Cyril Jackson Senior Campus student Vanessa has high Hopes for her singing career


Vanessa Hopes has turned her life around to become a singer-songwriter and graphic designer.
Picture: Andrew Ritchie        d459600
Vanessa Hopes has turned her life around to become a singer-songwriter and graphic designer. Picture: Andrew Ritchie        d459600

A PASSION for music helped Embleton singer-songwriter Vanessa Hopes overcome a history of drugs and homelessness and now she wants to heal others through her first album Free.

Hopes, a music and graphic design student at Cyril Jackson Senior Campus in Bassendean, started using drugs aged 12 and left home at 14.

“We were breaking into empty buildings that were vacant for a while; sometimes the dust would be at least a centimetre on the floor,” she said.

“I had all these memories; it is actually really hard to deal with when you are there like that, having to sleep in those kinds of conditions.

“It was beg, borrow and steal from anyone, I did not care who it was. There is no honour among people who do drugs; you cannot trust anybody, all you can do is trust yourself.”

The 31-year-old said she had lost many memories from her teenage years and still suffered from memory loss.

“I was pretty much doing the wrong thing all the time and I just got sick of it,” she said.

“When I was about 16 or 17, that was when I started looking into music.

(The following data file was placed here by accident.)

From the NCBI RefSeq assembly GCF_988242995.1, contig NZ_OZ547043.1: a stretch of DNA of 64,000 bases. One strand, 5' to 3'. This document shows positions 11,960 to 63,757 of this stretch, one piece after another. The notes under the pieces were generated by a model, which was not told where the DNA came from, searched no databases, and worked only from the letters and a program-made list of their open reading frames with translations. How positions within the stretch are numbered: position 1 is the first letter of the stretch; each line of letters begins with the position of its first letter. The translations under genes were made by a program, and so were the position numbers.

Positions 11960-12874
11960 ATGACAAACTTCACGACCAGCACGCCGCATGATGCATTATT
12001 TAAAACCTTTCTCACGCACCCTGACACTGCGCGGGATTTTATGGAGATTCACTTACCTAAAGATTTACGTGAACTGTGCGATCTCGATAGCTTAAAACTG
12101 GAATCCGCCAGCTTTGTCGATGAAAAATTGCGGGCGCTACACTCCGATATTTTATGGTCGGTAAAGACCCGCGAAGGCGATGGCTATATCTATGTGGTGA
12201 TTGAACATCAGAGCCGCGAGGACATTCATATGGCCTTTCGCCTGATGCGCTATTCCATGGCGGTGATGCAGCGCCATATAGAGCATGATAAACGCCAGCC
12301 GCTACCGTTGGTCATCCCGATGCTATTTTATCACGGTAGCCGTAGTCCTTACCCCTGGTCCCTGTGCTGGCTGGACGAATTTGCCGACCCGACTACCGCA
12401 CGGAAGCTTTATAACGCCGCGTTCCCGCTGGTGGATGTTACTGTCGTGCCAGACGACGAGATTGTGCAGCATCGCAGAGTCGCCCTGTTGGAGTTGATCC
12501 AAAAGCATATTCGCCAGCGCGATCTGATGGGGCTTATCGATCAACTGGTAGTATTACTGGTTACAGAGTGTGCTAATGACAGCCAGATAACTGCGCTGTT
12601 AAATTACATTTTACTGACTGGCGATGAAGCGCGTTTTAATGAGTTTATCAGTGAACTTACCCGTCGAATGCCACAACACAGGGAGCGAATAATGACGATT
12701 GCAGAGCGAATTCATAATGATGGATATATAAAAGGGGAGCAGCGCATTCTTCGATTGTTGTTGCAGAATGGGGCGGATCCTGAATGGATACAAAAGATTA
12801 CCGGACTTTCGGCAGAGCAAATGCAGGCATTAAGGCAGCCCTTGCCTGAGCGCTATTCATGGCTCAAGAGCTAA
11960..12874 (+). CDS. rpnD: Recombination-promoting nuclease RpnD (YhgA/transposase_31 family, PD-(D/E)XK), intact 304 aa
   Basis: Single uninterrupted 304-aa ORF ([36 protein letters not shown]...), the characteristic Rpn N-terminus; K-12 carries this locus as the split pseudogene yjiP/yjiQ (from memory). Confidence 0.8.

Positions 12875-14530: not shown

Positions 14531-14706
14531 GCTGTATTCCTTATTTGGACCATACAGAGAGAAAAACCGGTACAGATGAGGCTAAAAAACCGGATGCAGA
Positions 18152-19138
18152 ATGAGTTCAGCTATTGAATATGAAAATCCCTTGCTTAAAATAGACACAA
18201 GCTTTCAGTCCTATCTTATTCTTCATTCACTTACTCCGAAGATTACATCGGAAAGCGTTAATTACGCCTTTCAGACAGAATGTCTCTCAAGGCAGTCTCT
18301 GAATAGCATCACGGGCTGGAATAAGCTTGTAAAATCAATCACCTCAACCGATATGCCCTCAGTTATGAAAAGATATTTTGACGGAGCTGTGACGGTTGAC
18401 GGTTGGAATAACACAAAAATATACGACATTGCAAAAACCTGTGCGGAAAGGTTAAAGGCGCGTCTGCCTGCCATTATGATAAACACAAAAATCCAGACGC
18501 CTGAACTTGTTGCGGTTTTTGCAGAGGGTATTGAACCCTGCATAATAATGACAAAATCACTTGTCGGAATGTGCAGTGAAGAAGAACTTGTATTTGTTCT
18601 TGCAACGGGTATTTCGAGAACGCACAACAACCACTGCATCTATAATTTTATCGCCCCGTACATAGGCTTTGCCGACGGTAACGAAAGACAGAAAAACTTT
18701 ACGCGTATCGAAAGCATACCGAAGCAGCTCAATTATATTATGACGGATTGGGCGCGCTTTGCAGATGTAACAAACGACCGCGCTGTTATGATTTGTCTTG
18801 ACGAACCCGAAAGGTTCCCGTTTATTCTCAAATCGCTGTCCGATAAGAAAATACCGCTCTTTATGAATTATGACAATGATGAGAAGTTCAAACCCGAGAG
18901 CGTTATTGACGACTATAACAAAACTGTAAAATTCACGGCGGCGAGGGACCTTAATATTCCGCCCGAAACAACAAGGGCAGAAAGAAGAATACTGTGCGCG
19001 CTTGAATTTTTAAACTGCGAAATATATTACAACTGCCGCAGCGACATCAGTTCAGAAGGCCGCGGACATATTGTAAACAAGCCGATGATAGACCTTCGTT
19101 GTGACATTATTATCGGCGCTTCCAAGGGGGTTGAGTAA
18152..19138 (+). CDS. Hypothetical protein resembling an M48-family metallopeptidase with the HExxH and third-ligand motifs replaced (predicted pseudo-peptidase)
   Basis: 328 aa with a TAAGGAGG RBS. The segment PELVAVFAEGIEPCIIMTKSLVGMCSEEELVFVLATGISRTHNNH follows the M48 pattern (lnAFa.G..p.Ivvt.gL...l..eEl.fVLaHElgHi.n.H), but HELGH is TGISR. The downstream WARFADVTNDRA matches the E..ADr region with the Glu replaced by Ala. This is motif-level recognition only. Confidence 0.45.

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“I knew I could sing. I ended up getting into the music side of things and I got into a band with my uncle.”

After her best friend’s death, she said her passion for music helped with her “healing”.

“I was always writing stuff down like lyrics and even poems,” she said. “Now I reflect back on the things I used to see, like the people I used to roll with, because I have seen people die.

“One of the lyrics is ‘the rooms are made of sweat and watch the blood drip down the walls’ because literally that was what I saw, smelled and felt.”

The mature-aged student first went to Cyril Jackson at 17 and returned as a “whole new person”.

“I was really bad on drugs and one of the teachers there, she is an arts teacher and she said, ‘you were really scary back then’,” she said.

“I feel like I get to influence the school in a positive way, in ways that maybe younger kids at the school may not understand.”

Hopes said her nine-year-old daughter inspired her music.

“I think since I had my daughter, it made me want to show her that it does not matter what you have been through, where you come from and what your experience is, you can make anything happen if you want it enough,” she said.

Hopes said her album was a mix of different genres and reflected her views as a woman.

“I felt like I accomplished what I set out to do and the whole process has made me even stronger,” she said.

Her album will be launched at The Game Sports Bar on Aberdeen Street on October 28 and will be released digitally.